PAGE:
Now a little more depth...
Differentials - an introduction
Before understanding why a limited slip or locking differentials are important, first we'll briefly need to touch on why we need a differential in the first place. In simple terms, a differential is a device which allows for the differences in wheel speed which naturally occurs when a car turns a corner.
As the inside and outside wheels of a car turn in different radius corners, and thus need to rotate at different speeds (with the outside wheels travelling faster). However at least two of the wheels will also need to be linked to allow the car to be two wheel drive. Consider a front wheel drive car with the two front wheels linked together with no flexibility, such as with a solid axle between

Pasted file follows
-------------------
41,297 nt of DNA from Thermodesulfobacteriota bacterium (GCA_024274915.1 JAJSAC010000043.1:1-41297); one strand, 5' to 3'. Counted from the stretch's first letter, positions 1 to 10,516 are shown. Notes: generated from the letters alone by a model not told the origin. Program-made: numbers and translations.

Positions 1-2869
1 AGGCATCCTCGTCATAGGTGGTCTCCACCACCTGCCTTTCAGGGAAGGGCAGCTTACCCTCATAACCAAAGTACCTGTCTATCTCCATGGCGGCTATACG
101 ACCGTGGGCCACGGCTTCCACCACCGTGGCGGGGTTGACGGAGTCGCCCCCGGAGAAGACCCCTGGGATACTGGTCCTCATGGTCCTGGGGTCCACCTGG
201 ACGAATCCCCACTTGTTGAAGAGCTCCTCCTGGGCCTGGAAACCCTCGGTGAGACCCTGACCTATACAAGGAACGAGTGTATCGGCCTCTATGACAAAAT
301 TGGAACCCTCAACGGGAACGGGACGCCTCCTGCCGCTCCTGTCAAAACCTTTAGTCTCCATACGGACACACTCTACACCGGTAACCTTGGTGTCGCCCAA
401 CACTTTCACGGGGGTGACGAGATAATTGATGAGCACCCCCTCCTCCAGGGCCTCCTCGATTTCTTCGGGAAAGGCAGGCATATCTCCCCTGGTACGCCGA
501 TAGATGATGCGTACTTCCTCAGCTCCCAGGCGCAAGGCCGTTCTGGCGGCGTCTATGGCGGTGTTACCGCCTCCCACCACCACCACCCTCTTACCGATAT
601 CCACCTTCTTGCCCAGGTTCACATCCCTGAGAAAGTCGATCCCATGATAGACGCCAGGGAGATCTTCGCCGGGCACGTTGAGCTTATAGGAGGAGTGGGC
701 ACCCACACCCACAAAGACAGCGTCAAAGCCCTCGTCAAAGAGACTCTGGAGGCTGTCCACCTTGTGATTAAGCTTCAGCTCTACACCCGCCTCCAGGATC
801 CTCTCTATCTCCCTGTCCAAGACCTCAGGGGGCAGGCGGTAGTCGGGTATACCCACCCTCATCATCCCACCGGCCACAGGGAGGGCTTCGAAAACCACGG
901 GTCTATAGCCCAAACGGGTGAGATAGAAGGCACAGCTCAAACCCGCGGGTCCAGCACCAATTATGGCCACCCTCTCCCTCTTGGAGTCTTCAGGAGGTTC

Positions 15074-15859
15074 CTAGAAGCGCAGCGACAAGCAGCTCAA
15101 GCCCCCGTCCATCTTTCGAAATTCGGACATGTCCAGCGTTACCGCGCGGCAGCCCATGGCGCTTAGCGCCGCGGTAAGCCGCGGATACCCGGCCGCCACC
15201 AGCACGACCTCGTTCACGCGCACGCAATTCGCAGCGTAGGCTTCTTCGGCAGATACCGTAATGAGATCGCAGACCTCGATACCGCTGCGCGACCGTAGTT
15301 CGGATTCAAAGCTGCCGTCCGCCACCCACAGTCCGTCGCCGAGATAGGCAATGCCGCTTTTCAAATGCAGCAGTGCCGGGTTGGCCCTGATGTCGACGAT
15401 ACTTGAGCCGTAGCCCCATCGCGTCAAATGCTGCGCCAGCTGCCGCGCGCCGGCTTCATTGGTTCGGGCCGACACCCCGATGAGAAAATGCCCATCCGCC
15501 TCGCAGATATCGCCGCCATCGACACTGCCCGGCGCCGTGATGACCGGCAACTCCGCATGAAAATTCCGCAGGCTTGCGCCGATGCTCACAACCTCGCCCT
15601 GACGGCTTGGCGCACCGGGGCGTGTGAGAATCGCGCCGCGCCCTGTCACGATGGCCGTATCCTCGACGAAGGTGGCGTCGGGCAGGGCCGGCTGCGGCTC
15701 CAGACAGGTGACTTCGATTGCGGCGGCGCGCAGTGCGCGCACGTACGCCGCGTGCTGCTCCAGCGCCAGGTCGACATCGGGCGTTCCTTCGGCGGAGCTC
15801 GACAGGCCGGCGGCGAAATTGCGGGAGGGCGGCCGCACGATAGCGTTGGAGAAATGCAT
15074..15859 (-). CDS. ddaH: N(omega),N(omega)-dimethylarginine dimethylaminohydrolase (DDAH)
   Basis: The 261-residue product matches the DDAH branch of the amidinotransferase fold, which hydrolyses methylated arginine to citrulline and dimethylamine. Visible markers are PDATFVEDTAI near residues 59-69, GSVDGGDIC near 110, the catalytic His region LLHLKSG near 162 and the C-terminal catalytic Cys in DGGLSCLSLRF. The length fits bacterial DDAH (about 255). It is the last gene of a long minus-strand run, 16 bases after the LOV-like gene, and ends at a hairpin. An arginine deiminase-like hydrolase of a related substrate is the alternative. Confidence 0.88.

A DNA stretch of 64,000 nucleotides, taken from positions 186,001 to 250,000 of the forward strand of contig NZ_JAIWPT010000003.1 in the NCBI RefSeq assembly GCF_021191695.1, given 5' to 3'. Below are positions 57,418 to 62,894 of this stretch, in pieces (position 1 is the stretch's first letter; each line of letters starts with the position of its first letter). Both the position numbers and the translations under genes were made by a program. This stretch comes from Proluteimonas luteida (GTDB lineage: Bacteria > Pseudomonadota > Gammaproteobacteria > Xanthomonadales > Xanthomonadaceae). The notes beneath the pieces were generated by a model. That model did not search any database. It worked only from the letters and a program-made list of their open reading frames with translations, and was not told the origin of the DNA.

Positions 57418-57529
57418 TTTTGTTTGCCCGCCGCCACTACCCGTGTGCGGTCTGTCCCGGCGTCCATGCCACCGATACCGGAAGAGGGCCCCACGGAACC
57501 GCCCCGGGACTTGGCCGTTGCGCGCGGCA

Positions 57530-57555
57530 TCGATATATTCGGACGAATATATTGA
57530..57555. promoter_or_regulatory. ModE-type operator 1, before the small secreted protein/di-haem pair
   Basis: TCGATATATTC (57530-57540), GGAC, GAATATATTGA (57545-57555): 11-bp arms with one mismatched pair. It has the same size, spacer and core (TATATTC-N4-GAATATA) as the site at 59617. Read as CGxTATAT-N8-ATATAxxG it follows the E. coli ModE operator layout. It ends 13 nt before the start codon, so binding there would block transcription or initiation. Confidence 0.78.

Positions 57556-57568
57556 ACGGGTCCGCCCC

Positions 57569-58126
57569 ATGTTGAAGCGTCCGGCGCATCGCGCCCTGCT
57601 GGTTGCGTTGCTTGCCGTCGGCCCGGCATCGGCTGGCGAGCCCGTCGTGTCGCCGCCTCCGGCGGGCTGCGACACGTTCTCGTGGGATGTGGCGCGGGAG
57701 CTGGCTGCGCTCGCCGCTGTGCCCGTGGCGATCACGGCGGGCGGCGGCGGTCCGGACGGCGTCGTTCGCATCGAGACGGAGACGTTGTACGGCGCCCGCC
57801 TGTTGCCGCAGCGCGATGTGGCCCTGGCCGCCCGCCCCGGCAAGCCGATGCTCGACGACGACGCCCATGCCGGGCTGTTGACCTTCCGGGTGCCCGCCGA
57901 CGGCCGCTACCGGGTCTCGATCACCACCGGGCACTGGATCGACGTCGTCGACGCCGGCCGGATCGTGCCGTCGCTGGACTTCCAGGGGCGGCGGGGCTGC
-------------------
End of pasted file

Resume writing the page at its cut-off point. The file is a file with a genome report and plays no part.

In this case a certain amount of tension would build up when cornering as the outside wheel tries to rotate quicker that the inside wheel (due to the bigger arc it must go through). Eventually this tension would relive itself with a wheel skipping over the surface, or with a drive shaft snapping. This situation is obviously not a good one, so differentials where invented
As you can see, a diff is essentially a combination of cogs which work together to turn the wheels. It looks complicated, but it uses simple mechanics to allow the two wheels to rotate at different rates.
How a differential works:
The drive from the engine rotates the large yellow crown wheel (1), which is attached to the smaller blue cogs (2). These planetary gears can rotate freely, but work together to turn the green side gears, which are connected to the half shafts (3). If one wheel needs to rotate faster than the other, the green cogs permit this to happen. Simple really!
Limited slip differentials